Teaching phytotherapy in Russia: opportunities and challenges

© 2012 E.O. Propisnova, V.F. Korsun

2012 – № 1 (3)

E.O. Propisnova interviews V.F. Korsun


Vladimir Fjodorovich KORSUN, Doctor of Science (Medicine), Professor, chair of the Department of Phytotherapy of the Faculty of Advanced Training of Medical Professionals, Peoples’ Friendship University of Russia. Academician of Russian Academy of Natural Sciences and European Academy of Natural Sciences, member of presidium of Russian Association of Folk Medicine.

Key words: phytotherapy, folk medicine, herbalism, medical education, Ministry of Health

Abstract: In the interview V.F. Korsun talks about the activities of the chair of phytotherapy of the faculty of advanced training of medical professionals, discusses the system of phytotherapy education, which exists in Russia and abroad, names the main factors, which benefit the proliferation of phytotherapy in Russia, describes the peculiarities of clinical trials of phytotherapy medications and highlights the work, which he does in order to make “Phytotherapist” specialization appear in the Registry of medical specialization.

In the course of the interview Professor Korsun talks about the history of his department, peculiarities of the programs he teaches, as well as the system of phytotherapy education and practice in Russia and the world.

First, he clarifies the difference between two subspecialties the students at his faculty can apply for – ‘clinical phytotherapy’ which is targeted at medical doctors having higher medical education, and ‘Russian herbalism’ designed for everyone else. As Korsun notes, there is almost no difference in the contents of these two programs, although he has to explain more of medical terminology and other medical details to students of ‘Russian herbalism’. People coming for these programs are mostly cosmetologists and general practitioners, as well as family doctors and doctors from rural areas. Around 60% of them have higher medical education. The program lasts for a month, a group consists of 7 people.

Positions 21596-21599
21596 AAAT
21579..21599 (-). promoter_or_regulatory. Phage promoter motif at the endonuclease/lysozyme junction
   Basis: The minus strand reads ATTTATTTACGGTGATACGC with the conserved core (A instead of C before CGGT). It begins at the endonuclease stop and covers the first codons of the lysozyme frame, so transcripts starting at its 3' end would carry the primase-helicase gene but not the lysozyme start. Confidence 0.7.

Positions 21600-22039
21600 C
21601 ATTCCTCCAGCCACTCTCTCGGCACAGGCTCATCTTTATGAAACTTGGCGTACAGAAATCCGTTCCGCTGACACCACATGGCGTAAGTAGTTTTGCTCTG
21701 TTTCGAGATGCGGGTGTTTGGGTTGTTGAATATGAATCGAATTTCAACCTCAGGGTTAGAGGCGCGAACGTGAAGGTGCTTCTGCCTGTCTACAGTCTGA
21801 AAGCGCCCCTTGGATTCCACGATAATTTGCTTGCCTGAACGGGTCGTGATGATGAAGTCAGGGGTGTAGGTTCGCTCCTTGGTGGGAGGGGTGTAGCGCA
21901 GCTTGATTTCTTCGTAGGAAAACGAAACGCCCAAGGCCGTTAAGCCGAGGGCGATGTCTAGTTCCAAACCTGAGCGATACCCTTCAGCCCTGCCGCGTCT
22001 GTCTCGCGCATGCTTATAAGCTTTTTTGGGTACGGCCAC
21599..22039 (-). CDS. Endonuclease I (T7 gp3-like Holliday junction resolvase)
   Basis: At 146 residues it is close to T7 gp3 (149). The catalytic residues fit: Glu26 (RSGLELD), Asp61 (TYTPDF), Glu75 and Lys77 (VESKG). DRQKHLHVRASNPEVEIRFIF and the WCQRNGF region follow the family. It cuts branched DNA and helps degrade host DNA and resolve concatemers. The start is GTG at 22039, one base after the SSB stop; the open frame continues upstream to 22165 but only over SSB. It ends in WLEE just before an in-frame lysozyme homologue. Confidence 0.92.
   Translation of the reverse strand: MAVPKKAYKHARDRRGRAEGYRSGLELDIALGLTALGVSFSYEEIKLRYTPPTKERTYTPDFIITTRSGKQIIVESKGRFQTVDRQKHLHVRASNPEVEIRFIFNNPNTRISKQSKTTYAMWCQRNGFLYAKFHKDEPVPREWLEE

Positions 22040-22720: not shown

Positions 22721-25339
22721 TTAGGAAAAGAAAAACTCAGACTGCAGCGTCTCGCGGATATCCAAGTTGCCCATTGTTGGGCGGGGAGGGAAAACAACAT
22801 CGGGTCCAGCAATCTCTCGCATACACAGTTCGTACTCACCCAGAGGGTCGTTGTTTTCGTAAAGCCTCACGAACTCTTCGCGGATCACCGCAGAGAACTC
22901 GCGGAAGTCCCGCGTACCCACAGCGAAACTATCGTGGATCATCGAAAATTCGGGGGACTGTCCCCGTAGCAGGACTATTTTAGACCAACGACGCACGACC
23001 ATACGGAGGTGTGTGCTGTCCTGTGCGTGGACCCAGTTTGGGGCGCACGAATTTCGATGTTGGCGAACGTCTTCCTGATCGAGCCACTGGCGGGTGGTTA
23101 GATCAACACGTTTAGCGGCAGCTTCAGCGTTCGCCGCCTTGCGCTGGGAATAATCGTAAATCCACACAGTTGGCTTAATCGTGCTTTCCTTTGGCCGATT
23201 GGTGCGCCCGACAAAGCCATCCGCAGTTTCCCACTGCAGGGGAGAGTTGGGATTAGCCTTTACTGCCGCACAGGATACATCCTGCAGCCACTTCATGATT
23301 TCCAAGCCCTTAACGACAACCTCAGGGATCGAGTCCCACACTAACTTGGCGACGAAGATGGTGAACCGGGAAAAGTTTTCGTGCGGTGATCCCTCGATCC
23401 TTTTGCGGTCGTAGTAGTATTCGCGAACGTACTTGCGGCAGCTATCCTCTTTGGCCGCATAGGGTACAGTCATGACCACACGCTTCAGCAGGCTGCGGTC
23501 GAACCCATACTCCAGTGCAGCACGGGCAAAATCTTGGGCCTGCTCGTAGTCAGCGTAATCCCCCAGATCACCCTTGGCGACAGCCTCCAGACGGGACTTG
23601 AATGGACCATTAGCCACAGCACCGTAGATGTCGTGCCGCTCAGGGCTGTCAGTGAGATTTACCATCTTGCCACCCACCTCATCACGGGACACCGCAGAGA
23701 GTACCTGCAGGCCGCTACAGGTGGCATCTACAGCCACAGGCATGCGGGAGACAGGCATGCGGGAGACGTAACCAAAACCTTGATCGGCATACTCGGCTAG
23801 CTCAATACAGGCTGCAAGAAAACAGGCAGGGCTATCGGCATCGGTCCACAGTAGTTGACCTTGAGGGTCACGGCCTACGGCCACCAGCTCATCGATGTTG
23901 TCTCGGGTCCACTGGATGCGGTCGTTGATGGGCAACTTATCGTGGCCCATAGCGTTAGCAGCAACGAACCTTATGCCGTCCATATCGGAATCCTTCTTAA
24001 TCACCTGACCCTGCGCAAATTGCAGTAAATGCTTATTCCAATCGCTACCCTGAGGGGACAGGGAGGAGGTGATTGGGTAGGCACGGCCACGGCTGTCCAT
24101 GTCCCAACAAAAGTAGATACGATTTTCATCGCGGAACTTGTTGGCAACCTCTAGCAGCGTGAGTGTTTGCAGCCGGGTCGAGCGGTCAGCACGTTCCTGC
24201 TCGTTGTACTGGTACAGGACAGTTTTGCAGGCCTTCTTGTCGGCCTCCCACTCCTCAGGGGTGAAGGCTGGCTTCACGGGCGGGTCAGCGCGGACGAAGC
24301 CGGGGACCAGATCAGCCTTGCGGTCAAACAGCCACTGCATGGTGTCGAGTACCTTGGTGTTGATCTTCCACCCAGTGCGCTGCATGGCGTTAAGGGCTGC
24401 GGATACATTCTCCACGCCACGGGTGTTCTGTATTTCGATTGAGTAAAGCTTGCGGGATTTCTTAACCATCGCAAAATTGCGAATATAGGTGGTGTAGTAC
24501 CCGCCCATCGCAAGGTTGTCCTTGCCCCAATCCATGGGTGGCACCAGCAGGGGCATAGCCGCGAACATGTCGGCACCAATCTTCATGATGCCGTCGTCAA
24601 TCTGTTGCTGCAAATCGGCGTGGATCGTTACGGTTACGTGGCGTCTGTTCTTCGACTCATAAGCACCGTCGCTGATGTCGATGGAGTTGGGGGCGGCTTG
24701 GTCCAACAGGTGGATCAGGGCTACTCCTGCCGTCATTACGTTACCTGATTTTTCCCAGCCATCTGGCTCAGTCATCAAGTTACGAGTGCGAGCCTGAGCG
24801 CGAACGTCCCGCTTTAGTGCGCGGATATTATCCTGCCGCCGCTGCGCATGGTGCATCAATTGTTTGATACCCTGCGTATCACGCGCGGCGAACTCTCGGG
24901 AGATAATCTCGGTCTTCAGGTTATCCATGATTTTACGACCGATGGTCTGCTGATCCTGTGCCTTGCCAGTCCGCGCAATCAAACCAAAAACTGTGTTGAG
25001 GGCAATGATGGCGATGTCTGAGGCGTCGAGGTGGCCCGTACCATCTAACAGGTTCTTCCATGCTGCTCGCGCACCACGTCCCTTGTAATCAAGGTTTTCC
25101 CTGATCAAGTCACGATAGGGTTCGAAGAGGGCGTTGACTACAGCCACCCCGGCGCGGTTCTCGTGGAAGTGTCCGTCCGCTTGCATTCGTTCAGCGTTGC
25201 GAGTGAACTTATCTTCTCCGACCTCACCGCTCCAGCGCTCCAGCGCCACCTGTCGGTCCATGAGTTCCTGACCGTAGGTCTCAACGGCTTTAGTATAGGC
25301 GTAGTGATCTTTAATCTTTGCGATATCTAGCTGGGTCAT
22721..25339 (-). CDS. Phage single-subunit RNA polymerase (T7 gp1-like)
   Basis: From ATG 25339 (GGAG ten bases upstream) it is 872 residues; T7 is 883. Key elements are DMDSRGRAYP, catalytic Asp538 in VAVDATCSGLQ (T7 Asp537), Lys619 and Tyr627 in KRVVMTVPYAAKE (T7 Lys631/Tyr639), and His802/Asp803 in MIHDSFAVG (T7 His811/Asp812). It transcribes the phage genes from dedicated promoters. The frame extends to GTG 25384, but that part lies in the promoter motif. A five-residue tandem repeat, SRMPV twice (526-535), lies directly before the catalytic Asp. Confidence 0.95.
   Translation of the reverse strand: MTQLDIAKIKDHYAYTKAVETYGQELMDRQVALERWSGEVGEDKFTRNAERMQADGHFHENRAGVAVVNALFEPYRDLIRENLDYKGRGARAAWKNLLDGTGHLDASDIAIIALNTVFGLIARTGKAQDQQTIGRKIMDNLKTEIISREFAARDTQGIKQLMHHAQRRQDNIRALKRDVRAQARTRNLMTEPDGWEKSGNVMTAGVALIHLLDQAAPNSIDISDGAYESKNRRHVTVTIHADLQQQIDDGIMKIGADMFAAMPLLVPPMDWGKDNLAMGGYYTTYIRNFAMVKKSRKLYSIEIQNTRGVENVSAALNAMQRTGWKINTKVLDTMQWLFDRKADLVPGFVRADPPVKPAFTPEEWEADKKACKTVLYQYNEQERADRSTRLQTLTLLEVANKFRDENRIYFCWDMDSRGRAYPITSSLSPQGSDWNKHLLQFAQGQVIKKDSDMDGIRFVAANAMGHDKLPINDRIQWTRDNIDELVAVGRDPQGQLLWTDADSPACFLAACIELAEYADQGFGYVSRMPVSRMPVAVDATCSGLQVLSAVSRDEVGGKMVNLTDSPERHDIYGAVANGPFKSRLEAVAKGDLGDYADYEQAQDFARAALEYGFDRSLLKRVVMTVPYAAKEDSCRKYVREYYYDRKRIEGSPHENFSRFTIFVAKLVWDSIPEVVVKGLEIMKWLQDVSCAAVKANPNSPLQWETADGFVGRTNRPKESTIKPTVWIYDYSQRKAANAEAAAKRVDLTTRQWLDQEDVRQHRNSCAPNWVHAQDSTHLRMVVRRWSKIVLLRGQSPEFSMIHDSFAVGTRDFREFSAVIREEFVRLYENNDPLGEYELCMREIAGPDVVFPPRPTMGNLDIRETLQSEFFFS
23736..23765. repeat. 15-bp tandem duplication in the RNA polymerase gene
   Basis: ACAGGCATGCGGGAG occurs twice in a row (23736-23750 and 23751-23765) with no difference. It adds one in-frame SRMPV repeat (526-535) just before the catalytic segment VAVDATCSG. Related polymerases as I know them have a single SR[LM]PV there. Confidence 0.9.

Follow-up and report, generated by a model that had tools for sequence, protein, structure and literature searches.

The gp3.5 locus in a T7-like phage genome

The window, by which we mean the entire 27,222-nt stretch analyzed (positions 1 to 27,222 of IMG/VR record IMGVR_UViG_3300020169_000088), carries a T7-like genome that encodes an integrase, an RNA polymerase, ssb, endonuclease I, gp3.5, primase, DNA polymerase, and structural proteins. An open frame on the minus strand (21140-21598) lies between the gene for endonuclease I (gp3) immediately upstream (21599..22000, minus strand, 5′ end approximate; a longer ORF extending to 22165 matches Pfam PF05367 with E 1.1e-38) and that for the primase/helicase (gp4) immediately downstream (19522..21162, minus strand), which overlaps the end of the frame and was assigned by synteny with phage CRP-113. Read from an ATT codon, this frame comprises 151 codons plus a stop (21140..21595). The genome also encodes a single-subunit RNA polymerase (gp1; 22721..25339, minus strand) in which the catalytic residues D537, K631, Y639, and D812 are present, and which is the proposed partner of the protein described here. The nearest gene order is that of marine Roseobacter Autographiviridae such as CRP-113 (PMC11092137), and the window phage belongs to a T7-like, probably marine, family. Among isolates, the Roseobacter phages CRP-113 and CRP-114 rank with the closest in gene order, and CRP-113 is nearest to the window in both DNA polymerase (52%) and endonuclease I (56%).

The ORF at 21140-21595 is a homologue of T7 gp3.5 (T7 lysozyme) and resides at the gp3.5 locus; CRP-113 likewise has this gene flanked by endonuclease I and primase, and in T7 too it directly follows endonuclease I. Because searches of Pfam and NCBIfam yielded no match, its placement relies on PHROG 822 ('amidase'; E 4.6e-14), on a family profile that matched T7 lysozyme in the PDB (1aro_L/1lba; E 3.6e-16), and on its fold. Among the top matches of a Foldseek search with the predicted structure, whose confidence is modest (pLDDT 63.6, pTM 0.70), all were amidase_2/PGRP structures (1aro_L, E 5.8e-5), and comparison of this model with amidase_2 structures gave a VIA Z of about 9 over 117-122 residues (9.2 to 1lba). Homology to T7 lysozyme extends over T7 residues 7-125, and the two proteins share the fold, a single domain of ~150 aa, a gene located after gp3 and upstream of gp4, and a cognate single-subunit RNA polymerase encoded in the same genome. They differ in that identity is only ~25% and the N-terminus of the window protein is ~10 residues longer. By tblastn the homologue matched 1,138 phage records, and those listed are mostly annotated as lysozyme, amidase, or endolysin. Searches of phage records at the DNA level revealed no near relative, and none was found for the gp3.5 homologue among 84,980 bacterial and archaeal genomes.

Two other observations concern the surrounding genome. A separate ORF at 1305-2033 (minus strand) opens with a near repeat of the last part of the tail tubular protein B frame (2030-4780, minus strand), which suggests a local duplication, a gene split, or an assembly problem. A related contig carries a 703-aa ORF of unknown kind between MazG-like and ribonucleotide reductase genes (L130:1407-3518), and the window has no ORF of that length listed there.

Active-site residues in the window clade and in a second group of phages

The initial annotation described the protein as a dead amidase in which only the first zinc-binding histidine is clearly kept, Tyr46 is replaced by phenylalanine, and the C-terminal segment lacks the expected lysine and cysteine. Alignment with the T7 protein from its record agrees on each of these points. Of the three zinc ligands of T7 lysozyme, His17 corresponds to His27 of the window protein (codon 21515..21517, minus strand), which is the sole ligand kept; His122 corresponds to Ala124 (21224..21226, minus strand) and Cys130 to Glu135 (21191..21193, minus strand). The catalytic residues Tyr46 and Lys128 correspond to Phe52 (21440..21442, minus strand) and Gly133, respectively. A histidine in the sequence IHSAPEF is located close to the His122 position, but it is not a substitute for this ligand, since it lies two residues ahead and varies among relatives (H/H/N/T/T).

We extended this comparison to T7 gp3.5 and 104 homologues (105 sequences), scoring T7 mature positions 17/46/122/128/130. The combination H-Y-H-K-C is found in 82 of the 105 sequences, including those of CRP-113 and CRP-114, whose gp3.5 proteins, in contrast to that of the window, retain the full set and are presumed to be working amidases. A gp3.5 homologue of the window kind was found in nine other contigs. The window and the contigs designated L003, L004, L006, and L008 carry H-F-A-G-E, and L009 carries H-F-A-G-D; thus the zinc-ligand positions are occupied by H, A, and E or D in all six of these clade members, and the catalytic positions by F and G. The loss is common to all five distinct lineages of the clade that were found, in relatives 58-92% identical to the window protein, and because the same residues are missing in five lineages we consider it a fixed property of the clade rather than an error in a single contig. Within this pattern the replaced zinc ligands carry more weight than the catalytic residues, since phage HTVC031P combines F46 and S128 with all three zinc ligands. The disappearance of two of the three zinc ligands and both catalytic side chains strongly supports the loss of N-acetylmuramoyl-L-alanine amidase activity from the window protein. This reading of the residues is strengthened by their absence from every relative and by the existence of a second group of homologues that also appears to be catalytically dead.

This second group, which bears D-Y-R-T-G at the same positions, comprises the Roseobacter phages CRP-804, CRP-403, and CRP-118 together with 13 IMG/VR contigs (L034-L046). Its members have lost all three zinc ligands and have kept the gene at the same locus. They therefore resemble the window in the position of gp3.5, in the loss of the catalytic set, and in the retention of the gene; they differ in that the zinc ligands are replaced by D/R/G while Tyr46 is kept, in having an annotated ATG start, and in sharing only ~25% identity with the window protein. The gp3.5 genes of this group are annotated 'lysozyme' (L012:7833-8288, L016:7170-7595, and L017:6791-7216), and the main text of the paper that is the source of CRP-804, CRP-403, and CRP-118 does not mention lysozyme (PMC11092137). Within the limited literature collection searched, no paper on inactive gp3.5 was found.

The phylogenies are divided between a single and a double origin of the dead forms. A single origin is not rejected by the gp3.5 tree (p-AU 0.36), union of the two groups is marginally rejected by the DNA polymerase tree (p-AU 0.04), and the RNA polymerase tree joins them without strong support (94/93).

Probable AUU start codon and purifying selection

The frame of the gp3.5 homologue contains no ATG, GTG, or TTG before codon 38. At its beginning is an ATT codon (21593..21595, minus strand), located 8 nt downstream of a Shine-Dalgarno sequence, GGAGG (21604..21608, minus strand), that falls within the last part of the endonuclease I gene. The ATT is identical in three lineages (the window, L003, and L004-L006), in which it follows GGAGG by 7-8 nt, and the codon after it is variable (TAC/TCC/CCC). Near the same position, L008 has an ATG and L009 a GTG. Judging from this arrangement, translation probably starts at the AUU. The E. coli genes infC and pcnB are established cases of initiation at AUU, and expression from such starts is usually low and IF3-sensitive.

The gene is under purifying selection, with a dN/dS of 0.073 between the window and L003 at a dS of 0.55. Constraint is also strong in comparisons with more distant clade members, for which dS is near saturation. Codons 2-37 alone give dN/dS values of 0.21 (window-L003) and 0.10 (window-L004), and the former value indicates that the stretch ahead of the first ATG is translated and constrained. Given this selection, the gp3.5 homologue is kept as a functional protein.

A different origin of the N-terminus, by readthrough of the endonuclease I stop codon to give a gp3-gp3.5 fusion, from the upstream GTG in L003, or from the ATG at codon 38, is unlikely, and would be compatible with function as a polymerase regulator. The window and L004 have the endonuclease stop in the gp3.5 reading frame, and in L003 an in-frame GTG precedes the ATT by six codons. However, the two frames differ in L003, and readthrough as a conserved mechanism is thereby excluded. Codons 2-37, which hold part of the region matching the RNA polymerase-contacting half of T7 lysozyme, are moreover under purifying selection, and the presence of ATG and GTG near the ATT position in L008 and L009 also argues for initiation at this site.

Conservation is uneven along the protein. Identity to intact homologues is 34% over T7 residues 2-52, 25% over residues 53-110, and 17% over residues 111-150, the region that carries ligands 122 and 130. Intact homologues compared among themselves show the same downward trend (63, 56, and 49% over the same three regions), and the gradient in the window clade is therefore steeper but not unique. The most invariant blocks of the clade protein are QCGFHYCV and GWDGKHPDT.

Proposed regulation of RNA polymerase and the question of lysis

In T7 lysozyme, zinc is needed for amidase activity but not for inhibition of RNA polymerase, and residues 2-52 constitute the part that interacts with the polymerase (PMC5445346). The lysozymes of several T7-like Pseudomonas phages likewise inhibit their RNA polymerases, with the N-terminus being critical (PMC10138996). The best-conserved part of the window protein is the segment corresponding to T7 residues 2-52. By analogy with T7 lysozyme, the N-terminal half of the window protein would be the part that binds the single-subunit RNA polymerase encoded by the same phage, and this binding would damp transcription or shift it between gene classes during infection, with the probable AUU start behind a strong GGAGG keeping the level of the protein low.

The system of phytotherapy education in Russia is not formalized, neither approved by the Ministry of Health. At the graduate level phytotherapy is taught in such Russian cities, as Ufa, Ryazan, Kursk, Ulan-Ude, Perm and Yaroslavl. However, postgraduate programs are only taught in Moscow and Ulan-Ude, while Moscow department is the only one which provides diplomas or ‘herbalists’ to people without higher medical education. In general, Korsun characterizes position of the Russian government on phytotherapy education as ‘prohibitive’, as the number of educational institutions where courses on phytotherapy and herbalism are provided has been decreasing since 1990s.

Prof. Korsun names three main factors helping the spread of phytotherapy in Russia: insufficient effectiveness of official medicine, increase in the number of side effects from synthetic drugs, and financial factor (patients do not have enough money to buy drugs which are getting more expensive year after year). Herbal medicinal products, Korsun states, can be used to treat almost all diseases, except for emergency care and intensive care. For instance, phyto-drugs can be used in post-traumatic treatment. During preoperative stage they can be used to release patients’ stress and anxiety. In oncology phyto-products may help treat patients after chemotherapy. For chronic conditions phyto-products should take the leading role in patients’ treatment, Korsun states.

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